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Forms of EngagementWomen, Poetry and Culture 1640-1680$
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Elizabeth Scott-Baumann

Print publication date: 2013

Print ISBN-13: 9780199676521

Published to Oxford Scholarship Online: September 2013

DOI: 10.1093/acprof:oso/9780199676521.001.0001

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Margaret Cavendish as Editor and Reviser

Margaret Cavendish as Editor and Reviser

Chapter:
(p.60) 2 Margaret Cavendish as Editor and Reviser
Source:
Forms of Engagement
Author(s):

Elizabeth Scott-Baumann

Publisher:
Oxford University Press
DOI:10.1093/acprof:oso/9780199676521.003.0003

This chapter uses techniques from the history of the book to show that Margaret Cavendish reformed her style through intervention in the print publications of her work. Cavendish presented herself as a modern rather than an ancient, championing imagination over learning. As her career progressed, however, she placed more value on the formal elements of her writing, revising poems and prose to conform to principles of uniformity and transparency. This chapter uncovers Cavendish's role as her own editor, as she responds to her readers and to contemporary shifts in literary and scientific culture. As her career progresses, Cavendish defines herself no longer in opposition to dominant scientific and literary cultures, but conforms more to uniformity of rhyme and metre, and transparency of technical prose. As critical opinion turned in her favour, and as she returned from exile to a position of social and political prominence after the Restoration, Cavendish's works no longer represent a rejection of both the new science and 'fine words'.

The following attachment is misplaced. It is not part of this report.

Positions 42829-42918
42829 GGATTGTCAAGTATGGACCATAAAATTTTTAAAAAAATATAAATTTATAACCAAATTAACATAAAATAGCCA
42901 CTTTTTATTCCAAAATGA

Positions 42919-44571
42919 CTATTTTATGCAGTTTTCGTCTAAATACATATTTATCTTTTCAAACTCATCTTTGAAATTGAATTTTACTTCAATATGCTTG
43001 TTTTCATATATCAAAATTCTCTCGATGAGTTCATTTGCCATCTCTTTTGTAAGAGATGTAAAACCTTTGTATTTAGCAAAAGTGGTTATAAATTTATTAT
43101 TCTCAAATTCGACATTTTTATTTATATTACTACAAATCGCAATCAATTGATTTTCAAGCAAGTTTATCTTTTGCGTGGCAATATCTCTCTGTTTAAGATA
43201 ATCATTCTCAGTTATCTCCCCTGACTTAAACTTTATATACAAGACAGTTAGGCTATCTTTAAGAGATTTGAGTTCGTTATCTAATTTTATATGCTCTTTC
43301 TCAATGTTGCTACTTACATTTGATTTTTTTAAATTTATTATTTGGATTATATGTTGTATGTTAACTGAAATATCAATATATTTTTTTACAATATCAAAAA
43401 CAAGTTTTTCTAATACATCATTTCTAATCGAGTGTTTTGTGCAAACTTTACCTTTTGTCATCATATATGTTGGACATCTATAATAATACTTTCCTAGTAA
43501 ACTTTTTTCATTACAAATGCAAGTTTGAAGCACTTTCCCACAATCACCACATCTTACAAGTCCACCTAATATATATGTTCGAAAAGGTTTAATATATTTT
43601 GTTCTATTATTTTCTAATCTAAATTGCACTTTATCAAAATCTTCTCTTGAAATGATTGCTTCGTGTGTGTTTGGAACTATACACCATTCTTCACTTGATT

Keywords:   Margaret Cavendish, the Royal Society, revision, history of the book, print publication, prosody, science and poetry

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